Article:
Google+ Georgia On My Mind: Button's Early Death Becomes A Boon For Collectors

Thursday, July 12, 2007

Button's Early Death Becomes A Boon For Collectors

If we were able to go back in time and have a sit down with Button Gwinnett many of us would be surprised to know the true man instead of his persona as one of Georgia’s three signers of the Declaration of Independence. First of all he would answer our questions with a British accent since he was born in England. Many of us would also be surprised that Gwinnett allowed a feud with a fellow Georgian to basically take over all of his thoughts and actions to the point that it hastened an early death.

After marrying he immigrated to the colonies first landing in Charleston and then later moving south to Savannah. Many resources state Gwinnett had a hard time managing his money and was actually fleeing creditors when he left England. In fact, soon after arriving in Savannah he managed to purchase St. Catherines Island totally on credit. He had some mercantile concerns as well as a plantation on the island where he attempted to raise cattle among other things.

Gwinnett did not immediately become involved in the liberty cause, but he did debate the Intolerable Acts at Peter Tondee’s Tavern in 1774. Later when St. John’s Parish (today’s Liberty County) threatened to secede from the colony of Georgia in 1775 he was motivated to action. Following the signing of the Declaration of Independence Gwinnett became a member of Georgia’s government in 1777 and was key in providing much of the foundation for Georgia’s Constitution. His source was a pamphlet written by John Adams.

As Gwinnett became more involved in state government he organized a defensive operation against Florida to secure the border. He used this opportunity to ruin Lachlan McIntosh. The bitter enemies had always clashed. In fact, much of Gwinnett’s public life is dominated by a feud with McIntosh who hailed originally from Scotland. When the invasion failed Gwinnett was charged with malfeasance. Gwinnett ended up blaming McIntosh for his failed run at the governorship of Georgia in 1777 when actually it had been Gwinnett’s burning desire to obstruct McIntosh at all costs that lost him the exectutive postion.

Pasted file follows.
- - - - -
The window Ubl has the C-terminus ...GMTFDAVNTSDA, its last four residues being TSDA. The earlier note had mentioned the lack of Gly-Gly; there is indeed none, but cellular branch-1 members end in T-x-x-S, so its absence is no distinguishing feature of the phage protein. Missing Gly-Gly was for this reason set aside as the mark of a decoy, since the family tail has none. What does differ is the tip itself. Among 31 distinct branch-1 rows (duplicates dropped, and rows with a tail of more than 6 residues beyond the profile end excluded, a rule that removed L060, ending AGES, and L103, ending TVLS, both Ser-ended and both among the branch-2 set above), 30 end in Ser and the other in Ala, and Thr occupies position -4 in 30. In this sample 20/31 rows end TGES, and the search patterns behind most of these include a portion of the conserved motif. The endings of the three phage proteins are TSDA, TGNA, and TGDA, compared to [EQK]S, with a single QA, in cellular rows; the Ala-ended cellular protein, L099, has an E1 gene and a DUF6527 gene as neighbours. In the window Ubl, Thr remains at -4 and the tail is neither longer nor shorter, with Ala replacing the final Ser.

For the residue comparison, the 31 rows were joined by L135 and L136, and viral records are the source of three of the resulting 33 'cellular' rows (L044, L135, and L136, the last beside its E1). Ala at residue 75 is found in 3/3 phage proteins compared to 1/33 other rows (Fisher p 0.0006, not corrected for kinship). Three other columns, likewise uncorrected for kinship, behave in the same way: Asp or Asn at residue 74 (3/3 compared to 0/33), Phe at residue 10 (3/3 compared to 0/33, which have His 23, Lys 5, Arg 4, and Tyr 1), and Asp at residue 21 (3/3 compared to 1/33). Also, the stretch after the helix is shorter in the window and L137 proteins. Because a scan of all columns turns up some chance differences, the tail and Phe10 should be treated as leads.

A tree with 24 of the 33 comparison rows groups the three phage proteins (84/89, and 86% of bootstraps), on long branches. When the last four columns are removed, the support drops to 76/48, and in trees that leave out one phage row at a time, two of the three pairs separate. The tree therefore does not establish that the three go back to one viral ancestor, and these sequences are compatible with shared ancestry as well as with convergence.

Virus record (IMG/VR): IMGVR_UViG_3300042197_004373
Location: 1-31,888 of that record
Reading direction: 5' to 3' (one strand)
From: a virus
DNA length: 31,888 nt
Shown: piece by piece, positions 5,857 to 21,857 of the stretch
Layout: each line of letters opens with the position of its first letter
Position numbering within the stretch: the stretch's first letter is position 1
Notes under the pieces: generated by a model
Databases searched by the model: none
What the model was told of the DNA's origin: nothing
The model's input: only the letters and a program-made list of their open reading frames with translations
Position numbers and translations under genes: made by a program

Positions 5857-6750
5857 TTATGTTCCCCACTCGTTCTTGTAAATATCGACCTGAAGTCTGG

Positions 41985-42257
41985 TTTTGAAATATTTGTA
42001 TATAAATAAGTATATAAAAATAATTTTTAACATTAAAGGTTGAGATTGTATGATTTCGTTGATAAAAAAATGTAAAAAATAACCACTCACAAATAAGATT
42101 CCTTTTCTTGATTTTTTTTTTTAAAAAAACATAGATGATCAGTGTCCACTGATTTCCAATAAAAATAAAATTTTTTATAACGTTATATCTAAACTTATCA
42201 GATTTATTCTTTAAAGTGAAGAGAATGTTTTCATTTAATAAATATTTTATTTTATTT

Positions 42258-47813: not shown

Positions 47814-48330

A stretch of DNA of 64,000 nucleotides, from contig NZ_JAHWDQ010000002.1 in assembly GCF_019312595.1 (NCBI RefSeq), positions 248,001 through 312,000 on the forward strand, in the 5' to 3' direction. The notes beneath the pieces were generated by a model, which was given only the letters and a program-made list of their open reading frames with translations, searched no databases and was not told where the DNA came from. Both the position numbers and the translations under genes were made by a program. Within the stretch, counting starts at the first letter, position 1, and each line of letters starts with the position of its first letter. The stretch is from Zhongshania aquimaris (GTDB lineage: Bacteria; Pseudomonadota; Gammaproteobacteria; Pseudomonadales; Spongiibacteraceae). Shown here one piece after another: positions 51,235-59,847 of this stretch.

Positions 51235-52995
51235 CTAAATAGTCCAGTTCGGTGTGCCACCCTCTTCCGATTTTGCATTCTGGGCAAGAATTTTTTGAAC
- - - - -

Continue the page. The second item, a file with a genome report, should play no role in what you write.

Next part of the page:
When Gwinnett and McIntosh began to toss blame at each other McIntosh ended up calling Gwinnett “a scoundrel lying rascal”. Gwinnett, wanting to restore his honor challenged McIntosh to a duel.

In 1777, Gwinnett and McIntosh along with their seconds George Wells and Joseph Habersham met at Thunderbolt a few miles outside of Savannah. Apparently word had spread and they drew a crowd. While the crowd waited the four men walked a distance away from the crowd so they could complete the duel in some privacy. The pistols, provided by McIntosh, were inspected, loaded with one bullet each, and given to the participants.

Both men managed to shoot their pistol, and both managed to hit the other. McIntosh was hit in the leg, but it didn’t take long for him to call out to Gwinnett inquiring if he wanted to reload and have another go at it. Gwinnett said yes, but he would need help getting up. It seems McIntosh’s bullet had hit Gwinnett’s thigh and the bone was shattered.

At this point Wells and Habersham stepped in and stated both men had upheld their honor and reputations and it would be best to simply stop. Both men retreated and sought medical care.

McIntosh soon recovered and was off to serve with distinction under George Washington at Valley Forge. Gwinnett, however, did not recover. Gangrene set in and he was dead within three days.
Today Gwinnett’s former property, St. Catherine Island, is owned and maintained by the St. Catherine Island Foundation. While the beach can be visited during daylight hours the interior of the island is closed to visitation to protect the wildlife on the island. Special arrangements must be made to visit the fragile ecosystem. The foundation supposedly uses Gwinnett’s former home, Old House, on the land and some slave dwellings that date from the 1800s for foundation offices. Since Gwinnett died so soon after signing the Declaration of Independence we don’t have many examples of his signature or a reliable image. Therefore he has the reputation of having one of the rarest signatures….some examples have been valued as high as $250,000.

I love to use Button Gwinnett to teach character with. Many accounts paint him as a hothead and in today’s classroom I see children who react violently without thinking of the consequences. While Gwinnett often failed as a businessman and farmer he seemed to hit his stride once he entered politics. It’s simply a shame he allowed his feud with McIntosh to rule his heart.


ellie bee said...

great story, and great post! I always learn so much when I visit here!

Anonymous said...

Good post. I teach history in NC, and the five who signed are all as different from each other as night and day.

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